Monday, April 2, 2012

Gold Rush Redux

Gold, mesmerizing the world with its current antic flight, has, since its prehistoric discovery, had its ups and downs. This may be its highest and headiest high because of modern communication and because world trade has interwoven nearly  all countries into a single web.

Touch a portion of that web, and the world vibrates.

The Latin name for the element rocking the world is aurum, and it is accorded a place in the official list of earth elements by the abbreviation AU.

The dictionary ascribes to it two meanings: 1. Heavy yellow, metallic, highly malleable chemical element; 2. Money, wealth.

One of the heaviest elements, gold is given the atomic number 79 and has an atomic weight of about 197. It is measured by troy ounces...12 of which make one pound. For an approximate estimate of how much a troy ounce weighs, heft 20 pennies.

A quart of gold weighs 65 lbs.

Gold is mined and  it is collected in stream beds. It ranges in size from dust-like particles to one discovered in Australia that weighed 150 lbs. The monster was appropriately named "Welcome Stranger".

Gold is found in sea water. Its quantity is so small compared with the amount of sea water that exists that no feasible way to separate it has been discovered. However, it has been estimated that if a way were devised, it could yield 10 billion tons. Considerably more than exists today.

No one is sure how much gold has been produced by man but it is believed that since 1492 to the end of 1956 the world produced approximately 1,946,000,000 oz. If you could mass it all together it would make a cube the size of a school gymnasium.

More than half the world's gold (not counting gold used in jewelry,  industry, dentistry, objets d'art - and that consumed by those who buy liqueurs and cakes decorated with gold flakes, and the gold leaf that for years identified the occupants of countless shops and offices), is in the U.S. Treasury.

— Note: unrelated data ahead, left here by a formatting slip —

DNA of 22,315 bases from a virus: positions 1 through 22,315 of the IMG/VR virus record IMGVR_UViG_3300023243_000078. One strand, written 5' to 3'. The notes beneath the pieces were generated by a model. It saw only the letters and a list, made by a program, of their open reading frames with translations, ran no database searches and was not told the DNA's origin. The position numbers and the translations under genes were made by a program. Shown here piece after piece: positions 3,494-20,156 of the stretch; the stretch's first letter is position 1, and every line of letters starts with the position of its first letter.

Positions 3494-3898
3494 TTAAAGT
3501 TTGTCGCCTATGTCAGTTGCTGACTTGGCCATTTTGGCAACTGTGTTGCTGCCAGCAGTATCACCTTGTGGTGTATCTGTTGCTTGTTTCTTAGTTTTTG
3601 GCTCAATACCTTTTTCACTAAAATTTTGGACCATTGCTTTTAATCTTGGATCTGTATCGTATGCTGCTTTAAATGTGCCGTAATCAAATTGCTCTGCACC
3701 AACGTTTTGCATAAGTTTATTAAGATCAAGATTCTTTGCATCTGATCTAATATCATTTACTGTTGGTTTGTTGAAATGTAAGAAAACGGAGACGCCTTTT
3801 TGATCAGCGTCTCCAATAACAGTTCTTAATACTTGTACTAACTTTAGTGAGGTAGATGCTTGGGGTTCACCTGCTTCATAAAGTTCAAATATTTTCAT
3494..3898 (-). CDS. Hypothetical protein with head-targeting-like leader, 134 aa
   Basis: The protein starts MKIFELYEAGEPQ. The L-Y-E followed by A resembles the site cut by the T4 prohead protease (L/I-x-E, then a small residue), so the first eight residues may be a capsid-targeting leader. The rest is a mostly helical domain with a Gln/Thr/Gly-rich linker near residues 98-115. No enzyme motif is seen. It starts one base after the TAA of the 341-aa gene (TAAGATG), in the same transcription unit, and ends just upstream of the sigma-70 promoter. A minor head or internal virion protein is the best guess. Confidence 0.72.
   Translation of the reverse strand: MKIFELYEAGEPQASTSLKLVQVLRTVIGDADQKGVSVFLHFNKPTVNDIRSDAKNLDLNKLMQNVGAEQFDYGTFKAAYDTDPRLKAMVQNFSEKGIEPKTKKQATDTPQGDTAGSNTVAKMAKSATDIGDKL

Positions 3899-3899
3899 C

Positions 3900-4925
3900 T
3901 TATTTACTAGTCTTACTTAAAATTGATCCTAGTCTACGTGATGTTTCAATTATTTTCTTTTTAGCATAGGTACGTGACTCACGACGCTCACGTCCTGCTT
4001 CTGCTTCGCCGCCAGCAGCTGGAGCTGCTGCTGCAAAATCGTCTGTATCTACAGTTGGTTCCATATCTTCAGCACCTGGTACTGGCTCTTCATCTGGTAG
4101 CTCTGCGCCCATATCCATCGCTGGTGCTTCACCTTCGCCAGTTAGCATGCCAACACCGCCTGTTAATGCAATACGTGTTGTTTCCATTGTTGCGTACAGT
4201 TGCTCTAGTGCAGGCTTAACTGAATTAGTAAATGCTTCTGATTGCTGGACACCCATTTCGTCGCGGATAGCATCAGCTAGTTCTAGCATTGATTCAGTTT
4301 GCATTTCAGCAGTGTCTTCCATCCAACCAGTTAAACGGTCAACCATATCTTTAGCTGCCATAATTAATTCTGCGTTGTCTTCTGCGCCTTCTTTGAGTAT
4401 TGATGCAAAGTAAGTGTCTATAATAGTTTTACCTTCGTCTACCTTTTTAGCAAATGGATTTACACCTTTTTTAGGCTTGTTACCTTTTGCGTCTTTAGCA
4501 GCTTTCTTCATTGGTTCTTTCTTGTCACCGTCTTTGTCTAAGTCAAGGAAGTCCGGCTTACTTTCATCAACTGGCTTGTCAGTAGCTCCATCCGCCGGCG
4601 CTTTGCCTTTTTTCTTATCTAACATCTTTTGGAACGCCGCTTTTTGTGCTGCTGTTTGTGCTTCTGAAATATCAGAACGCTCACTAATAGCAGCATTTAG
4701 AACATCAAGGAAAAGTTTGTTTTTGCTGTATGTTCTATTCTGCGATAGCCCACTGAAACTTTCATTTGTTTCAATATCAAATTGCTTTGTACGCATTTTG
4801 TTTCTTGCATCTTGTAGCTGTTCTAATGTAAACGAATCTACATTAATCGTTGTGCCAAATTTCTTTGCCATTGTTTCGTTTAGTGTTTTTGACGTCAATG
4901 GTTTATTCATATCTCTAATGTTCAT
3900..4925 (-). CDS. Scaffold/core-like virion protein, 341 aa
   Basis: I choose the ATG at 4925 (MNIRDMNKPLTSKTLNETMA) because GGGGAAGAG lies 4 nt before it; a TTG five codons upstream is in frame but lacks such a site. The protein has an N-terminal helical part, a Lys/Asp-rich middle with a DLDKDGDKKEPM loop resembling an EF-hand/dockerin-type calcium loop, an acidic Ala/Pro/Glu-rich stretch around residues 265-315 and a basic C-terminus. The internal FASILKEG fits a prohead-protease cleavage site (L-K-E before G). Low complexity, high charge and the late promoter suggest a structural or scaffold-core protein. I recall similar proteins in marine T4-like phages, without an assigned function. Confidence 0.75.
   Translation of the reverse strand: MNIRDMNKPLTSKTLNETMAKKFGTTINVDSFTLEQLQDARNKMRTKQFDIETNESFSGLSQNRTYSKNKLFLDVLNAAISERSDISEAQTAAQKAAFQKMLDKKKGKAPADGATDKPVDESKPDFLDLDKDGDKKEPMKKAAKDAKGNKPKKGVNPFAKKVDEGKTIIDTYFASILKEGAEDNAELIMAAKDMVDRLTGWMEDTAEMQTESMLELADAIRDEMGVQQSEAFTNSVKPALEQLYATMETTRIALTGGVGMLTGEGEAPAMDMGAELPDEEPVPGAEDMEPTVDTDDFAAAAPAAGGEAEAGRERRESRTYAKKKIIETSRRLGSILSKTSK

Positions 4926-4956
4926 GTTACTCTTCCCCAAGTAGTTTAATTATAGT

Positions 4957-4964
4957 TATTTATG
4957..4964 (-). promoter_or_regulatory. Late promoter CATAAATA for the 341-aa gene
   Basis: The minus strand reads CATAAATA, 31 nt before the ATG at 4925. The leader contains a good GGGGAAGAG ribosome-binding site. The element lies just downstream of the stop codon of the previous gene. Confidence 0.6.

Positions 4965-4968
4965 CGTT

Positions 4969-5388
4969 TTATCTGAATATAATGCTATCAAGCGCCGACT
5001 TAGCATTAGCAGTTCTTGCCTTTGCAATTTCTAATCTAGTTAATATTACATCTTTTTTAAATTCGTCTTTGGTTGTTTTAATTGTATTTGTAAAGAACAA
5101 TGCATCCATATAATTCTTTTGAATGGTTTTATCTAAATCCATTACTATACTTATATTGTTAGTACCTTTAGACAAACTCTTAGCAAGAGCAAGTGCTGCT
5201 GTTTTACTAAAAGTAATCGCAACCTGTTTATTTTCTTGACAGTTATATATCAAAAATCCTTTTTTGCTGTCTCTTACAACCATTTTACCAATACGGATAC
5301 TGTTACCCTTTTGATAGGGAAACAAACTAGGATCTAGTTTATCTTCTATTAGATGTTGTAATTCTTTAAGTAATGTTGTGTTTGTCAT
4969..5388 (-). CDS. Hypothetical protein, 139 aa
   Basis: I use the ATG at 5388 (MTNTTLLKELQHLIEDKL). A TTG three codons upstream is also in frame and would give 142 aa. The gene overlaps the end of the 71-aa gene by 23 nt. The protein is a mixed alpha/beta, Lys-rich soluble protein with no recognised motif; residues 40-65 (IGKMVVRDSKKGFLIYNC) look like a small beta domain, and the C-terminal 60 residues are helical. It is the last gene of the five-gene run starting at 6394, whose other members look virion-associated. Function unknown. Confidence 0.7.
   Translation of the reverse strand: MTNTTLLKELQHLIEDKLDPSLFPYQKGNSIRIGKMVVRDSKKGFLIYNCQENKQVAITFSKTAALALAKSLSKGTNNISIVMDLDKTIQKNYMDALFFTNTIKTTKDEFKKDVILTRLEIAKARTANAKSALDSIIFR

Russia, along with South Africa, Canada, Australia, Ghana and the United States, is one of the top gold producing nations. Yet she owns very little. West Germany is the second largest gold possessor, then France, Switzerland, Italy, Netherlands, Belgium, Japan and Britain.

The application of gold leaf is an art with roots in antiquity. Ancient Egyptians could hammer gold into leaves so thin that it took 367,000 to make a pile an inch high.

To flatten gold, it is placed between a goldbeater's skin - a tough membrane prepared from the  intestines of cattle. Gold used for this purpose is 23 carats fine. Up until a few years ago, it was possible to buy a sheet of gift wrapping paper covered with gold and costing about 25 cents. 

Hammered, one ounce of gold can almost cover 100 square feet.

For centuries man has been monkeying around with less glamorous elements in an attempt to turn them into gold. This kind of sorcery, called alchemy, appears to have been achieved. The New York Times reports that:

 "Lead can be turned into gold. In experimental physics, it has been possible to produce minute quantities of gold through particle bombardment in a particle accelerator, or 'atom smasher,' American experts confirm.

"Price is another thing. You're talking about a cost of anywhere between $1,000 and $1 million a gram - there are 30 grams to an ounce)."

Oh, well - give them time. Look how expensive TV sets used to be.


This piece is recycled. I wrote it 32 years ago. I was reminded of it when I read a story about the current rush to revive gold panning in view of the prediction that gold is now expected by some to reach $6,000 an oz.

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